While some benefits from more holistic approaches have been realized, further opportunities exist through increasing integration of -omics technologies and platforms. Insights from genetics approaches can be tied to transcriptomics, metabolomics, and spectranomics to link multiple steps in the -omics cascade from genotype to phenotype. This integration, while still in its early stages, holds vast potential for unlocking fundamental and applied insights in microbial plant disease ecology. Understanding the genetic basis for plant pathogen susceptibility, how the plant microbial community influences expression, the cascading metabolomic and volatilomic pathways resulting from infection, and the spectranomic characteristics of foliage present numerous opportunities for intervention that can be tuned and optimized for plant disease management situations.

In this review, we discuss exactly these opportunities by beginning with an overview of -omics technologies including the unique challenges that each field faces. Next, we present recent case studies that highlight integration of multi-omics insights. We then offer additional opportunities and considerations for integrating these technologies and touch briefly on expected benefits resulting from this integration. These opportunities and considerations will be discussed in light of our principal goal: driving the development of healthy plants and their microbial communities in a constantly changing environment.

The omics

Genomics

The field of genomics, the study of the complete genetic makeup of organisms, has grown exponentially in the past 20 years since the milestone publication of the first draft of the human genome in 2001 [9, 10]. Although the word ‘genomics’ is somewhat recent [11], its origin dates back to the early 1900s when Johannsen introduced the concept of the gene and later when Hans Winkler coined the term genome in 1920. The first genomes sequenced were microbial, heralding an era of tool development and exponential generation of whole genome sequences: the bacterium Haemophilus influenzae, the first free-living organisms to have its whole genome sequenced via shotgun sequencing [12]; the fungus Saccharomyces cerevisiae, first eukaryote to have its whole genome sequenced [13]; and the nematode Caenorhabditis elegans, the first multicellular eukaryote [14]. Further development of Next Generation Sequencing (NGS) technologies has drastically reduced sequencing costs and accelerated the availability of whole genome sequences, de novo sequence assemblies and resequencing of multiple strains of a single species.

Microbial genomics is an interdisciplinary field that focuses on the structure, function, evolution, mapping, and editing of genomes for bacteria, fungi, archaea, viruses, and other microscopic organisms. Integration of genomics questions and tools can aid ecological questions, especially those that involve environmental change. For example, it is critical to understand the evolutionary history of the genome to understand if certain elements may change quickly under changing temperatures (rapid evolution). Sometimes, it may be necessary to draw comparisons across genomes to understand microbial functions in related species, or delve into transcriptomics and other –omics. Coupled with transcriptomics and proteomics, functional genomics uses genomic data to study gene and protein expression and function on a genome-wide or system-wide scale. The integration of genomics and transcriptomics has resulted in an increased understanding of various aspects related to plant pathogen biology, plant-pathogen interactions, and plant health [15, 16].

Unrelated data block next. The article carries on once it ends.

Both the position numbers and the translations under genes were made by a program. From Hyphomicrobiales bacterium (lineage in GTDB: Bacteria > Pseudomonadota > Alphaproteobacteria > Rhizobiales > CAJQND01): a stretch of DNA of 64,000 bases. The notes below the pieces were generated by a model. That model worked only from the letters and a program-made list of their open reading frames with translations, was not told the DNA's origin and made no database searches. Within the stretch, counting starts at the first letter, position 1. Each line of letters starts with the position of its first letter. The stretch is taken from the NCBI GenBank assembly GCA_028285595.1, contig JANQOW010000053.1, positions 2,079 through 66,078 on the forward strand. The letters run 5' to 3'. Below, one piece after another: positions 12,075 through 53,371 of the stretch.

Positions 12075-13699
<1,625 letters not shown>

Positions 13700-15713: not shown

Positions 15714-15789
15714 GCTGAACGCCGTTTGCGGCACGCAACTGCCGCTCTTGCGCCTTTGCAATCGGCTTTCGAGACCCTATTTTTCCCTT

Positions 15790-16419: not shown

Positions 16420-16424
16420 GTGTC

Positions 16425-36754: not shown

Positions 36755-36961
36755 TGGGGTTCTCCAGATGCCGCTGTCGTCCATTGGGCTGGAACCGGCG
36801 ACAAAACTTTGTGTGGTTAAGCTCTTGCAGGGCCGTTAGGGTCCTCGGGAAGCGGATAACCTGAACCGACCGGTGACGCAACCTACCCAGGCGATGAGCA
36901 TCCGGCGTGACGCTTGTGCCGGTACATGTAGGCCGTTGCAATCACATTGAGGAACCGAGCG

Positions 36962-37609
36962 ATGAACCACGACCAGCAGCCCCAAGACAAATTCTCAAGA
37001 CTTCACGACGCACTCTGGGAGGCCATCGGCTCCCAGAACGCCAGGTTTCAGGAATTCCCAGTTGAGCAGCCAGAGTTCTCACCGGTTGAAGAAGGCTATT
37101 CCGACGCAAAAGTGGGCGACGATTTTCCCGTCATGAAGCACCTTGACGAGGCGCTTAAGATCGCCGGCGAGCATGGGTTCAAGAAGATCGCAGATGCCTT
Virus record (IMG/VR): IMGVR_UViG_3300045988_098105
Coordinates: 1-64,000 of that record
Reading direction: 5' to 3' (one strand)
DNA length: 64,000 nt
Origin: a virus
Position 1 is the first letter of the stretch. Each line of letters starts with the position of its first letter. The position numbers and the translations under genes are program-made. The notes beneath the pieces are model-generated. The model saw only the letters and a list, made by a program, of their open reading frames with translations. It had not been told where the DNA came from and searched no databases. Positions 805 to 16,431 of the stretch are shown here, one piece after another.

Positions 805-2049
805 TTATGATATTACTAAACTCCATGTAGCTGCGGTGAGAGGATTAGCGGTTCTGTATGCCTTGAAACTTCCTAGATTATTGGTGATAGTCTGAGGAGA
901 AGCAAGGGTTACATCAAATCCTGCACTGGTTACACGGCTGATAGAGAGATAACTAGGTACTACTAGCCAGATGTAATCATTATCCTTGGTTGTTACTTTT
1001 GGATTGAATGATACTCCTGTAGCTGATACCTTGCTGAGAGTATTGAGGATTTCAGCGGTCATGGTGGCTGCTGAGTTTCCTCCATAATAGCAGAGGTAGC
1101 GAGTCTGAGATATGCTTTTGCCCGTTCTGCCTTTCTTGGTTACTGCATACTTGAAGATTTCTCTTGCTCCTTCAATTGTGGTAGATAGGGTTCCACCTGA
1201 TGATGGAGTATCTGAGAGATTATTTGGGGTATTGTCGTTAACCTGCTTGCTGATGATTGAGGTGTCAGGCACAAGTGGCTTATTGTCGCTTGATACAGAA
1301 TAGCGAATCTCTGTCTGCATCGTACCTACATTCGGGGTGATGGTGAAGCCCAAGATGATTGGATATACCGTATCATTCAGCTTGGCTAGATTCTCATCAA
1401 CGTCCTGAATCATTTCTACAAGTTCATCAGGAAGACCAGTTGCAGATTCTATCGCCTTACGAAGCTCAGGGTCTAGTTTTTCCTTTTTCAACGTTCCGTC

In investigations of plant disease ecology and plant health, it can be helpful to consider two main groups of microbial genomics. Structural genomics, focused on assigning and mapping genes and markers to individual chromosomes, results in a physical map of the whole genome. Functional genomics integrates genome sequences with an organism’s transcriptome (transcripts produced by a given organism) and proteome (encoded proteins) to describe gene functions and interactions [17, 18]. The combination of genome data and NGS-based RNA sequencing has significantly improved gene annotation and gene prediction [19]. However, there are many more “types” of genomics to be considered depending on the focus and context of research being done in contemporary plant disease ecology.

Comparative genomics aims to identify structural and functional genomic elements conserved within species or across different species [20]. Using this approach, we now know that the genome architecture of many fungal plant pathogens is highly diverse and dynamic, comprising regions of rapid evolution that can range from transposon-rich chromosome compartments to entire accessory chromosomes [21]. For example, by comparing the genomes of four Fusarium species clear genomic compartmentalization has been identified at both structural and functional levels: a core component of the genome that encodes functions necessary for growth and survival and is shared among Fusarium species, and an accessory component [22, 23]. The accessory genome comprises a variable number of small (<2Mb), supernumerary or conditionally dispensable chromosomes that are enriched for transposable elements, and carry what seem to be horizontally-transferred genes, some of which are known to be involved in plant pathogenicity. Similarly, Verticillium genomes differ in four regions of approximately 300–350 kb each, which are present in V. dahliae Ls.17 and absent in V. alfalfae Ms.102. These four regions contain genes that seem to vary considerably between strains and have functions putatively involved in pathogenicity and virulence of the pathogens [24, 25]. As more genomes are available and compared, we realize that these chromosomal dynamics are prevalent in many other plant pathogenic fungi [2628].